High street shops need to work together with communities and local authorities to survive, focusing on appearance, accessibility and crime rate among other factors, the British Retail Consortium (BRC) urges in a report released today.
The BRC points out 12% of high street premises across the UK are currently vacant – a threefold increase since last autumn. But it says the problem of ailing town and village centres isn’t just a result of the downturn – rather that ‘recession is accelerating a trend of decline that was already underway’.
The report points to the importance of public spaces and design; keeping retail crime and anti-social behaviour down; ensuring parking and local transport make it as easy as possible for customers to reach shops; and closely monitoring economic health of the area. It also urges the government to not impose any more business rate burdens on struggling retailers, and suggests ‘a responsible and inclusive approach from local authorities to the money they raise and spend’.
This advice from the BRC is sage. A shopping trip isn’t just about the product you want to buy – it’s about the whole experience: getting there with ease, appreciating your surroundings, spending time browsing and relaxing, feeling comfortable.
The more a consumer enjoys a shopping expedition, the more often they’ll do it and the longer each time will become. A pretty, clean, safe and accessible town centre benefits not just one retailer, but all of them – a consumer having a nice time will drift from shop to shop rather than rushing home.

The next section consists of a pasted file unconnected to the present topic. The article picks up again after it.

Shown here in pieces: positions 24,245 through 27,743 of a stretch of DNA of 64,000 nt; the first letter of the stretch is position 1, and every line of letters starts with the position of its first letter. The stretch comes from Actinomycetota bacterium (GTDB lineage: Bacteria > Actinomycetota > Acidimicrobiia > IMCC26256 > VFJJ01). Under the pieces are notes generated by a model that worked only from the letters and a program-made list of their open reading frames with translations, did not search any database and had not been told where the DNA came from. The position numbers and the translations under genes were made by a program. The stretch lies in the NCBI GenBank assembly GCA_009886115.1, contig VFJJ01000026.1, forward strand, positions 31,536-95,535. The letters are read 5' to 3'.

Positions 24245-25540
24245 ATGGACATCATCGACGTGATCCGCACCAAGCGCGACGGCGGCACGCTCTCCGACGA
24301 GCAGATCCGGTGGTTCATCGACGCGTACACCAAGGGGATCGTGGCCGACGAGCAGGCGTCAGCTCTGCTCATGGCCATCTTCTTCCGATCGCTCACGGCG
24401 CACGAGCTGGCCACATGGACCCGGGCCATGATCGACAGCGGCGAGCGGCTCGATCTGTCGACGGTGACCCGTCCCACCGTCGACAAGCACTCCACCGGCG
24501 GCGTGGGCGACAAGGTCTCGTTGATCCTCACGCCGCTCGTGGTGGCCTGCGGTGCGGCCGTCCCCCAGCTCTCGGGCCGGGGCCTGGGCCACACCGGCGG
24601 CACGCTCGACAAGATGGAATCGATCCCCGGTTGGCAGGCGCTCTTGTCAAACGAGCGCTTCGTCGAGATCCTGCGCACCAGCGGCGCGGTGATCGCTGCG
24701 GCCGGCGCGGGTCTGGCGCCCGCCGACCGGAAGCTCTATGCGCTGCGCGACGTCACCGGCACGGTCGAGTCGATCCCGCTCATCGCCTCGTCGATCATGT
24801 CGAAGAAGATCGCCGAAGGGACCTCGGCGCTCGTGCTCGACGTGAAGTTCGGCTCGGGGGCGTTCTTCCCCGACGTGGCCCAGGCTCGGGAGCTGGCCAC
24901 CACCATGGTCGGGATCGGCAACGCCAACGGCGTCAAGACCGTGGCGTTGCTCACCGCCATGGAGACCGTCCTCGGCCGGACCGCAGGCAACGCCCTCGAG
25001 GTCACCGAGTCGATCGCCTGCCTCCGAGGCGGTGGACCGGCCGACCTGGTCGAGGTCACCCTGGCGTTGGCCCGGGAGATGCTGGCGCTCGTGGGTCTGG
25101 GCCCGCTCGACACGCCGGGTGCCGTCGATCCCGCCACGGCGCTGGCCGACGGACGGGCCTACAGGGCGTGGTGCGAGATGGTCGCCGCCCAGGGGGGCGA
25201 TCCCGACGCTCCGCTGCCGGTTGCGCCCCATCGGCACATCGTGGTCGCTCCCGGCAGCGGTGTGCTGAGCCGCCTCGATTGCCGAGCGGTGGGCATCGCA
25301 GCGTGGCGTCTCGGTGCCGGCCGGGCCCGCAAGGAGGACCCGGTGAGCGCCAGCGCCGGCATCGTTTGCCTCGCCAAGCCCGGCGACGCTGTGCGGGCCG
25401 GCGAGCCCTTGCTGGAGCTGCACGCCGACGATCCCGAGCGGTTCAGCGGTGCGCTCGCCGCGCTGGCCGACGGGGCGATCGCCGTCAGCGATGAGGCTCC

We hope local authorities take the BRC’s suggestions on board. But in the meantime, individual retailers can begin making a difference, and urging neighbouring premises to do the same. Remove graffiti as soon as possible, keep your shop front tidy and enticing, provide parking spaces for customers wherever possible (the BRC points to Chester’s successful free parking after 3 pm initiative that tackled dwindling afternoon footfall).
A small amount of time spent just checking everything looks as good as it can makes the world of difference cumulatively.
If you’re a retailer in an area that’s dwindling, it may also be worth teaming up with other shops around you to offer mutually beneficial deals, or suggesting to your local authority a day when all shops offer deals on the same day and the centre becomes something like a taster fun-day, encouraging members of the community to discover and rediscover outlets they normally overlook. After all, the best shot at getting through the recession – and beyond – is by working together.